Putting it in Perspective
I think everyone has a tendency to try to extrapolate from limited information. One reactor order equals a renaissance, and one shutdown shows that nuclear power is on its deathbed. The truth, as usual, is much more complicated than either extreme, so I was very gratified to read a piece by Richard Myers of the Nuclear Energy Institute on the Intelligent Utility website.
Richard makes several points. Perhaps the most important among them is that the announcements of shutdowns this year mainly represent anomalies. In particular, 3 of the 4 units (2 at San Onofre and 1 at Crystal River) and are due to steam generator replacements gone wrong. He points out that this should be viewed against a backdrop of 110 steam generator replacements, 57 of them in the United States. Only one, Kewaunee, was the victim of market conditions. It is indeed possible that a few other plants, particularly older, smaller, single units in merchant markets, might also be vulnerable, but just because 4 units close in one year, it does not mean that this is a trend.
Another point Richard makes is one that I hadn't previously thought much about. He observes that estimates suggest that approximately 100 gigawatts (GW) of generating capacity will be retired this decade, primarily because it does not make economic sense to install the pollution control technology required by more stringent environmental standards. This is approximately 10 percent of installed capacity, and demonstrates some of the pressures the entire utility industry is facing.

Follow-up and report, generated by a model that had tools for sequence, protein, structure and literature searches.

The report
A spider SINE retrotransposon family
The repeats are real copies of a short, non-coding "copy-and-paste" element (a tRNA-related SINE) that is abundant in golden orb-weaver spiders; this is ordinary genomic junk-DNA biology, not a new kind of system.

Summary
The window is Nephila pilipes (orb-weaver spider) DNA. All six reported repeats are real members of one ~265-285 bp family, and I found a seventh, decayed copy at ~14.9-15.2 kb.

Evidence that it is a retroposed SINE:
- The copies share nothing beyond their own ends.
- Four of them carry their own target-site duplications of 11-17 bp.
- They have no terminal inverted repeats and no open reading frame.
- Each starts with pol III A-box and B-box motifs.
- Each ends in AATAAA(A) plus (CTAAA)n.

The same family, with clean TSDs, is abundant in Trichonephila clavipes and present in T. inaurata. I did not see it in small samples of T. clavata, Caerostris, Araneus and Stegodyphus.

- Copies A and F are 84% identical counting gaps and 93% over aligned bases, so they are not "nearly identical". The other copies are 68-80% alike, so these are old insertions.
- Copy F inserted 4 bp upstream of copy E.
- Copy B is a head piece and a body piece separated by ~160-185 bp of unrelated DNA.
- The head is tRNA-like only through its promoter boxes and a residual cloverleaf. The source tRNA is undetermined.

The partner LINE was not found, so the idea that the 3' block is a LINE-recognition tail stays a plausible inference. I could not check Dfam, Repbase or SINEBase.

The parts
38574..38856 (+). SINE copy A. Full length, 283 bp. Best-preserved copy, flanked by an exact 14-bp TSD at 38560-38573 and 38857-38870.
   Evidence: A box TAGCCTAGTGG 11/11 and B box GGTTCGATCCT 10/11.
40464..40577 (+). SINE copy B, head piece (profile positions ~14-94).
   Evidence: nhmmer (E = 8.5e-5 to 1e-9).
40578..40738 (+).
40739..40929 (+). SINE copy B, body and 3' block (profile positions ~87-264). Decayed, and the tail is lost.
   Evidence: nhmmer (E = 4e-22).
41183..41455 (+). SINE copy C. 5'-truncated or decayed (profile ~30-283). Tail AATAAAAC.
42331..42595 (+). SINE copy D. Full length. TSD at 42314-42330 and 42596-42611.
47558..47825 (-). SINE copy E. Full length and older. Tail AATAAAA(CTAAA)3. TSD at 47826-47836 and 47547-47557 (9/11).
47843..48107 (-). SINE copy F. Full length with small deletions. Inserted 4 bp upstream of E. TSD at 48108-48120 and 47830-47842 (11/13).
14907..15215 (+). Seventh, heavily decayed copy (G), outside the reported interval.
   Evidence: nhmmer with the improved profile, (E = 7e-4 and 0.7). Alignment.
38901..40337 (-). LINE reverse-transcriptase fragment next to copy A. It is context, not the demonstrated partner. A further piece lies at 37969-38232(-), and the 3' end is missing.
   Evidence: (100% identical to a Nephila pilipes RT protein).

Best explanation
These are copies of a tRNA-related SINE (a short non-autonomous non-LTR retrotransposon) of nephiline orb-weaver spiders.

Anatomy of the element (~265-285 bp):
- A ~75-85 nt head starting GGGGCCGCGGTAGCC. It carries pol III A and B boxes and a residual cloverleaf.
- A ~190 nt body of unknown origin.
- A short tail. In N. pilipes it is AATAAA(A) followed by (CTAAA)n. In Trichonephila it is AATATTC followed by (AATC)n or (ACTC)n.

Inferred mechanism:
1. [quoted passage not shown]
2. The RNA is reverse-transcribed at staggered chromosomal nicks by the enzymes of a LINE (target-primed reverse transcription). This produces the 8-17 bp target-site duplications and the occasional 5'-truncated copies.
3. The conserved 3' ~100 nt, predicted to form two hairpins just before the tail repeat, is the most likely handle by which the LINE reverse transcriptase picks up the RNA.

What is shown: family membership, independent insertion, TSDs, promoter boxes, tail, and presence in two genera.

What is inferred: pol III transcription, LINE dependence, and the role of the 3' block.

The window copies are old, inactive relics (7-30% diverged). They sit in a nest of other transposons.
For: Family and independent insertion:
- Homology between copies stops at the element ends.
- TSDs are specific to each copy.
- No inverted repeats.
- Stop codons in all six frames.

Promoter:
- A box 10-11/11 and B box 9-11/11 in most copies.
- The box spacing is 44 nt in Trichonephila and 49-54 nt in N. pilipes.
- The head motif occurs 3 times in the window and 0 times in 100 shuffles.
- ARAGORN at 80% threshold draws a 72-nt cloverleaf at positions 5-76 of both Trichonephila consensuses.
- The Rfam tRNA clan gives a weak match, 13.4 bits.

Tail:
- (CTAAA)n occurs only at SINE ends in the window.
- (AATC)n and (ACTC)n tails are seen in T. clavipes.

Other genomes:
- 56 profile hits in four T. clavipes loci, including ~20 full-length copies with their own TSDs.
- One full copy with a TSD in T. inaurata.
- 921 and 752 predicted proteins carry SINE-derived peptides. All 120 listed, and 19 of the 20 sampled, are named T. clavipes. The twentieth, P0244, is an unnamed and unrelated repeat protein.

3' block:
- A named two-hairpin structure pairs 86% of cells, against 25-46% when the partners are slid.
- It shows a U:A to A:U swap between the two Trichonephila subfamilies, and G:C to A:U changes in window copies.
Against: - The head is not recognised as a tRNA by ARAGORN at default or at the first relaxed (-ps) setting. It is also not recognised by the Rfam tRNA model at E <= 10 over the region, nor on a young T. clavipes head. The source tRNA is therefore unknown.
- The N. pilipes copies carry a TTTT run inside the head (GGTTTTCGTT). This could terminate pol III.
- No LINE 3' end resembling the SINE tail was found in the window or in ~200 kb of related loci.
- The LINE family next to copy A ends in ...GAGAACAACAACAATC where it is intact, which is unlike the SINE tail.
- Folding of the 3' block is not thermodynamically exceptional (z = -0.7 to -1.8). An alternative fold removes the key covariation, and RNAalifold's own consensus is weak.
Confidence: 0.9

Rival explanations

He also contrasts the shutdowns to the new builds. In addition to the 4 units under construction in Georgia and South Carolina, TVA is also completing work on the long-stalled Watts Bar station. Even more important, dozens of other reactors are under construction or being planned around the globe. And I might add, some of them are in countries just entering the nuclear power arena. As Richard points out, "The nuclear energy industry is a global enterprise with a global supply chain. It would be a mistake to gauge its health by taking a snapshot of one country at a single point in time."
Richard points out that much of what we are seeing today is a function of the economic turn down coupled with the currently low price of natural gas.
Discussions of the surge in wind or solar power stations should be viewed with the same caution. It is easy to achieve large percentages of growth when starting from a low level. It is much harder to sustain the same rate of growth when the base level is higher or when other conditions change.
I always like to cite the Yogi Berra quote that it is difficult to make predictions, especially about the future. (Note: I've also seen this quote attributed to Niels Bohr and a lot of other people.) In this case, it is very true.